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China manufacturing PMI sees largest rise for 16 months as exports stabilise

02 November 2015

China's manufacturing economy started the fourth quarter on a firmer footing, with the sector still in decline but the rate of contraction easing amid a stabilising of export sales.

Here are five key survey findings:

1. PMI shows largest rise for 16 months

The Caixin China Manufacturing PMI (compiled by Markit) rose from a six-and-a-half year low of 47.2 in September to 48.3 in October, its highest since June. The rise merely indicated an easing in the rate of deterioration of manufacturing business conditions. The survey has now signalled a downturn in business activity in ten of the past 11 months. However, the upturn in the PMI - the largest monthly rise for 16 months - provides some encouragement that the manufacturing sector's slowdown may be at least bottoming out.

2. Slumping domestic demand hits production

Output and new orders had both fallen at increased rates in September but in both cases the rates of decline eased in October. It was nevertheless the sixth consecutive monthly drop in factory output, suggesting that the sector continued to act as a drag on the economy at the start of the fourth quarter, weighed down in particular by an ongoing slump in orders from domestic customers.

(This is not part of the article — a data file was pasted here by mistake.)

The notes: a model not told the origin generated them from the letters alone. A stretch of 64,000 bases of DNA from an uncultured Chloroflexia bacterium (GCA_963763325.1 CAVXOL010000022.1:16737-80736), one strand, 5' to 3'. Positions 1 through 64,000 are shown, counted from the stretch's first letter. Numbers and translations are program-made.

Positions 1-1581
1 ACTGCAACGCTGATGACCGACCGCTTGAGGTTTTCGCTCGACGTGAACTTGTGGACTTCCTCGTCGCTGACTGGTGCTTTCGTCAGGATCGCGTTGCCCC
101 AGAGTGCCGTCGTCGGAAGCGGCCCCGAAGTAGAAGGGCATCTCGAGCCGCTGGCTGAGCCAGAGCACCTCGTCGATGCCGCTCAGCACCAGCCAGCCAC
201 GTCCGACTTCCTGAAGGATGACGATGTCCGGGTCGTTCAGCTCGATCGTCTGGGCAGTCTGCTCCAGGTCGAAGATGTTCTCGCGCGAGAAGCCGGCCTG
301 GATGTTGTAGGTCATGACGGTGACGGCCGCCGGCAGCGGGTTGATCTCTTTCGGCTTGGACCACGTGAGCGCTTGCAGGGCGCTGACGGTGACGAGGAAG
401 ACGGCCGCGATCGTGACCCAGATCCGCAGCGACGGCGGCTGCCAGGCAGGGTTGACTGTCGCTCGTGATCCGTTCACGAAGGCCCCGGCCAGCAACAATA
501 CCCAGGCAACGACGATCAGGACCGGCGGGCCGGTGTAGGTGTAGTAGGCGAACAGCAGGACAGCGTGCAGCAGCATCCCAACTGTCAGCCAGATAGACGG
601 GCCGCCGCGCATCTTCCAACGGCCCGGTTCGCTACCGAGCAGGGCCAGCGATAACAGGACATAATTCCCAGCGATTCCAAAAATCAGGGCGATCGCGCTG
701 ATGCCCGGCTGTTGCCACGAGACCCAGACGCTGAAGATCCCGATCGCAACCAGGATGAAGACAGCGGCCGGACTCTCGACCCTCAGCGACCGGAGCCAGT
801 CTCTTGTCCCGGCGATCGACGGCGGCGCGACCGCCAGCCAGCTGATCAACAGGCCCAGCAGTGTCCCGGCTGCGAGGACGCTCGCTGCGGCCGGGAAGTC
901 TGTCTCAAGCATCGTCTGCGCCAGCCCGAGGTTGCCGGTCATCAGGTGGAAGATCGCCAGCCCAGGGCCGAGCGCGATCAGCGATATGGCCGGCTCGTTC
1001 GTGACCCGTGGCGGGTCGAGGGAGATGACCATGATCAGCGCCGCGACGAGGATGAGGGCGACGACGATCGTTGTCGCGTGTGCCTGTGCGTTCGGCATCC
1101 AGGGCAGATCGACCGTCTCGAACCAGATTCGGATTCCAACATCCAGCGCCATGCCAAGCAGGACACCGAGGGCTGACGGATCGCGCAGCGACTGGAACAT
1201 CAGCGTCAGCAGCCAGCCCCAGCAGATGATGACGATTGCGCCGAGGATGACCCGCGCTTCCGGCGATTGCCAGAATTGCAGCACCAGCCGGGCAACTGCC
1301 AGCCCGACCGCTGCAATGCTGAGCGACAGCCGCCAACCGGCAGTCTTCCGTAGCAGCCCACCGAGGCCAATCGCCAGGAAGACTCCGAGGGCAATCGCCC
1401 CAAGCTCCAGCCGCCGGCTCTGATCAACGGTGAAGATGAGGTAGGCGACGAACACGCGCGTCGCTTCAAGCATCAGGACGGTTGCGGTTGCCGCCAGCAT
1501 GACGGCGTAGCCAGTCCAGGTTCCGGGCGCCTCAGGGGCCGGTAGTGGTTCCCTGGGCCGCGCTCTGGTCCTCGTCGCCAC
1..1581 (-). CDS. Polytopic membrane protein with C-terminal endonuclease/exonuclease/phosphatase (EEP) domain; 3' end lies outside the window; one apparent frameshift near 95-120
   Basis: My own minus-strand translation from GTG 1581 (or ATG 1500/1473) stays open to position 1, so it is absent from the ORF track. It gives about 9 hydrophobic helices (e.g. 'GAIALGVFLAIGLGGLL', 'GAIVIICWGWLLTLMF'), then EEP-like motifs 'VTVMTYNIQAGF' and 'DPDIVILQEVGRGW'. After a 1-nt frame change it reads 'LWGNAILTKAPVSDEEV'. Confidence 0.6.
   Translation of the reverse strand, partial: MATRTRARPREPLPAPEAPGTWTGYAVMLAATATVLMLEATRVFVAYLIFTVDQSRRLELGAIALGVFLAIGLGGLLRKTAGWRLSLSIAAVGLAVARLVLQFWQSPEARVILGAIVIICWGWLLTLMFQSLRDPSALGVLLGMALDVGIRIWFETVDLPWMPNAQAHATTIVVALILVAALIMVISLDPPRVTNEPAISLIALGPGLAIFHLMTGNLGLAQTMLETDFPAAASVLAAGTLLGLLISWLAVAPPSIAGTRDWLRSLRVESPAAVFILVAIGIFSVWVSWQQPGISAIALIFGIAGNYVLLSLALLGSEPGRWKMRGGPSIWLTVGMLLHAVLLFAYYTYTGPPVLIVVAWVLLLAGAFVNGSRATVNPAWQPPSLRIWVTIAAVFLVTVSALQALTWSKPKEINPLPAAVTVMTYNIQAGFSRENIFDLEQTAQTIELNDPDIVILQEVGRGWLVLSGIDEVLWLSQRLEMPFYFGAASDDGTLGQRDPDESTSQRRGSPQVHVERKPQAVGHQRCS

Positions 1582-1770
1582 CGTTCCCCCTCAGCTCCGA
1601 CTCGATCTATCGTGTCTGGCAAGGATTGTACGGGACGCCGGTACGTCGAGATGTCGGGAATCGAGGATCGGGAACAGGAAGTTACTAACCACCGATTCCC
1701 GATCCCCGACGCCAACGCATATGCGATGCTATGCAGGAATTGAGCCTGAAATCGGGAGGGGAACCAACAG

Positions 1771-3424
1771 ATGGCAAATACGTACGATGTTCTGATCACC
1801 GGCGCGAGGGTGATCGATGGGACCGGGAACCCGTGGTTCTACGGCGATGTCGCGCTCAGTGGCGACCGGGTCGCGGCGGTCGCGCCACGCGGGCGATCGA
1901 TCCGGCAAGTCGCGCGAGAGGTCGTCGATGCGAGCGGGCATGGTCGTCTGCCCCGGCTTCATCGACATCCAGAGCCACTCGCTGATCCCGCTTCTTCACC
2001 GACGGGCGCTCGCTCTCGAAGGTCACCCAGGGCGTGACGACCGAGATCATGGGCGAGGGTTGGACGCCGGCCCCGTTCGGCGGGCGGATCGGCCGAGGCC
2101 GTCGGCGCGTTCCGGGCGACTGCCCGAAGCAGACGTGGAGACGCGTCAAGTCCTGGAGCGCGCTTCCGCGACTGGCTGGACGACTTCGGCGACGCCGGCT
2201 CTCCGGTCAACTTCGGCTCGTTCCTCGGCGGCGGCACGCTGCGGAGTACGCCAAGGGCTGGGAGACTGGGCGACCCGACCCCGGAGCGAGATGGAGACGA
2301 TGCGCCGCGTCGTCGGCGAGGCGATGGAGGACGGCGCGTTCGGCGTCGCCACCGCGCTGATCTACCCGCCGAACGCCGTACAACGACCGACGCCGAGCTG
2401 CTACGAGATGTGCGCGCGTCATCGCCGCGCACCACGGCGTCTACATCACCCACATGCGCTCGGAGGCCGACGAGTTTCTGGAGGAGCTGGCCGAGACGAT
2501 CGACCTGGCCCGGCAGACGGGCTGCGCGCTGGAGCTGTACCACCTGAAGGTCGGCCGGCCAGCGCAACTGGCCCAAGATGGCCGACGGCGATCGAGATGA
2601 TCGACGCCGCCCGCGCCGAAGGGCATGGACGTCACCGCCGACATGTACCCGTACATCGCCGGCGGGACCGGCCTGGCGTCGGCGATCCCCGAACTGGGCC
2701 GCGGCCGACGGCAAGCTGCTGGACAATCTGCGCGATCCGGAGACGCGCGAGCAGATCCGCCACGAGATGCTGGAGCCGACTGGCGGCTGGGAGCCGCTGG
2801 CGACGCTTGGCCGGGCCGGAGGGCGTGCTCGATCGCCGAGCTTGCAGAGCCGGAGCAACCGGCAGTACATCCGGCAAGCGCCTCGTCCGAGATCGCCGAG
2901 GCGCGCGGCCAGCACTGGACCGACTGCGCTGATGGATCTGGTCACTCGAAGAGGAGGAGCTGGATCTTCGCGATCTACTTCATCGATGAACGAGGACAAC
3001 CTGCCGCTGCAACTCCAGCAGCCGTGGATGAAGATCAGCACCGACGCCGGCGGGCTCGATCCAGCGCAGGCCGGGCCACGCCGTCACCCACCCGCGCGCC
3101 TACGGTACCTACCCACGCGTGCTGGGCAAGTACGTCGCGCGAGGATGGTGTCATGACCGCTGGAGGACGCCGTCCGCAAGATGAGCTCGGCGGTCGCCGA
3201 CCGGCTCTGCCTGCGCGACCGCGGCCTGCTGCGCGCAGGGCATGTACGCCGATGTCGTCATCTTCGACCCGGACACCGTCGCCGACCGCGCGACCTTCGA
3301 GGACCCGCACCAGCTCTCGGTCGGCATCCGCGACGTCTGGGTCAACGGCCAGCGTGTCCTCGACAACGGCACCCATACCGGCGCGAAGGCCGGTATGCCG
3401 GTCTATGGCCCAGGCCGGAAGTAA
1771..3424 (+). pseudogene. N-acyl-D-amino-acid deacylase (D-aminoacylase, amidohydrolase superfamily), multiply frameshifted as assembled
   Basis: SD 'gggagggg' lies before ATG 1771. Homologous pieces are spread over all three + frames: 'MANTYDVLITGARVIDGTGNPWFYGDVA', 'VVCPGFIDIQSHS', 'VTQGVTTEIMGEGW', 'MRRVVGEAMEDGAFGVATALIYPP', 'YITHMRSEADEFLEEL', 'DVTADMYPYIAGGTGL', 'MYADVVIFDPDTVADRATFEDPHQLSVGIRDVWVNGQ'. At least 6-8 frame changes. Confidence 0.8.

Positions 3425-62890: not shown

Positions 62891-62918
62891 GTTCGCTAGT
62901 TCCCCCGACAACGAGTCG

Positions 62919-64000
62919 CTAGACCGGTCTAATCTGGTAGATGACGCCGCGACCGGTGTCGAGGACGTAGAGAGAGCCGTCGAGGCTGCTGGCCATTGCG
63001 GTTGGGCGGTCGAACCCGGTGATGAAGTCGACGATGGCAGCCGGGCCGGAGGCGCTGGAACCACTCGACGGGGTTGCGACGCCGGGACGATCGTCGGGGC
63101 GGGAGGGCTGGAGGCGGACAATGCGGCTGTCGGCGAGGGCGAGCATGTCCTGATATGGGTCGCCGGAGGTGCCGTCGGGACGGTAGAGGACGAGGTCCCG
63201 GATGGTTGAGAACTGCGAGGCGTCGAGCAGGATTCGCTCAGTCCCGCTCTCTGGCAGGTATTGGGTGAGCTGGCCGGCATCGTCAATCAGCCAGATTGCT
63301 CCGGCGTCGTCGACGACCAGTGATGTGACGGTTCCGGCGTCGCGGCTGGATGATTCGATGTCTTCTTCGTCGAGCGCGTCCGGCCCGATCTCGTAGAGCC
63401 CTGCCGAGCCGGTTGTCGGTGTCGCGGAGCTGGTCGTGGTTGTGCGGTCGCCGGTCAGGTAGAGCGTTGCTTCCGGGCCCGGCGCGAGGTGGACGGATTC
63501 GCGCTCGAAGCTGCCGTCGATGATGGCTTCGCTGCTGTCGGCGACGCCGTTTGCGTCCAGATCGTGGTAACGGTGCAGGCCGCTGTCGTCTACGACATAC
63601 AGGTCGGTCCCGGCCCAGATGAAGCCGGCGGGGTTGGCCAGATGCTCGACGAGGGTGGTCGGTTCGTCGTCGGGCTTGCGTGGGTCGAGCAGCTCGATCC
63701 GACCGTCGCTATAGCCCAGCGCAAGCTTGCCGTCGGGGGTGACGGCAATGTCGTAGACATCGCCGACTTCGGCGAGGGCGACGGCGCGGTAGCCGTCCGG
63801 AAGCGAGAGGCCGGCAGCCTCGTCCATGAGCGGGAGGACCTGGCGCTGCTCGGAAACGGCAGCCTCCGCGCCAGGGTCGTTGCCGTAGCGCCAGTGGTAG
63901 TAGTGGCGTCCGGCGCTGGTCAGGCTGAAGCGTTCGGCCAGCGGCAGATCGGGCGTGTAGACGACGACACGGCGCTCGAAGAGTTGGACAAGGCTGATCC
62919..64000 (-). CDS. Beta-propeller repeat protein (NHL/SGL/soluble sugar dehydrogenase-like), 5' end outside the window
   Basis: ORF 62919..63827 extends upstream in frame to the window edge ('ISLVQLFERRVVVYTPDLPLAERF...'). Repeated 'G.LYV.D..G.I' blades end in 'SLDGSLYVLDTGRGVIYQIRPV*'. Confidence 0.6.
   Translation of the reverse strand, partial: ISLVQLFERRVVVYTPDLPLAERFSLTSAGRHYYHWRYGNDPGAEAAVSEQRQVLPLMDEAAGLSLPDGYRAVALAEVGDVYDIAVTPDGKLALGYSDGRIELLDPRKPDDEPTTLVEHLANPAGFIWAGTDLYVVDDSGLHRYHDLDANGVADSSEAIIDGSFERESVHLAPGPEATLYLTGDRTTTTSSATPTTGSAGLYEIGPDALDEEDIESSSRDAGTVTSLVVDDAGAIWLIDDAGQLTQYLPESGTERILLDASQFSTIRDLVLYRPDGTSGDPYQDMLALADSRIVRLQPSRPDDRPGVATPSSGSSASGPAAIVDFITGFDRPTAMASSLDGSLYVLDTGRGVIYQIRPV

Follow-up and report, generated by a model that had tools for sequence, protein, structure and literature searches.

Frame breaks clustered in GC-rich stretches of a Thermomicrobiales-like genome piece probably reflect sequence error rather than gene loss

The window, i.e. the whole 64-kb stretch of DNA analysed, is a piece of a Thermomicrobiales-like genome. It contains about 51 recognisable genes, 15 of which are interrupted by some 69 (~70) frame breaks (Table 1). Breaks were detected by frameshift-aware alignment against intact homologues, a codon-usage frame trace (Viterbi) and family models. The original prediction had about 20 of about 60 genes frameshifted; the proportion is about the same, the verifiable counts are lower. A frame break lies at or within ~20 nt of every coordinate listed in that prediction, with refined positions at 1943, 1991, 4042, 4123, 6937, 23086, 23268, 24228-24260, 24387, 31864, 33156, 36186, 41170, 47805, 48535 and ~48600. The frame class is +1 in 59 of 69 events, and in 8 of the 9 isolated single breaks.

3. Exports stabilise

The survey's measure of new export orders rebounded sharply in October, signalling a marginal rise in orders from abroad after the steep decline seen in September. The rise in exports was the largest since last December and the first increase since June. Anecdotal evidence from exporters was scant, but the data indicate that the recent devaluation of the yuan is beginning to have a beneficial impact on China's exports.

4. Further job losses as firms cut capacity

The survey also pointed to continued efforts by manufacturers to boost productivity and cut excess capacity. Although the rate of job cutting eased slightly, factory employment continued to fall at one of the strongest rates seen since the height of the global financial crisis. With headcounts being cut, the drop in operating capacity meant backlogs of uncompleted work rose slightly again during the month.

5. Price falls moderate as supply comes more into line with demand

Average input costs and producers' selling prices continued to fall sharply in October. However, the rates of decline moderated slightly. Recent price falls have been commonly linked to price discounting as supply has exceeded demand. However, in recent months the PMI survey's Suppliers' Delivery Times Index has pointed to a slight lengthening of supplier lead times, which in turn points to demand and supply coming back into balance.

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Chris Williamson | Chief Business Economist, IHS Markit
Tel: +44 20 7260 2329



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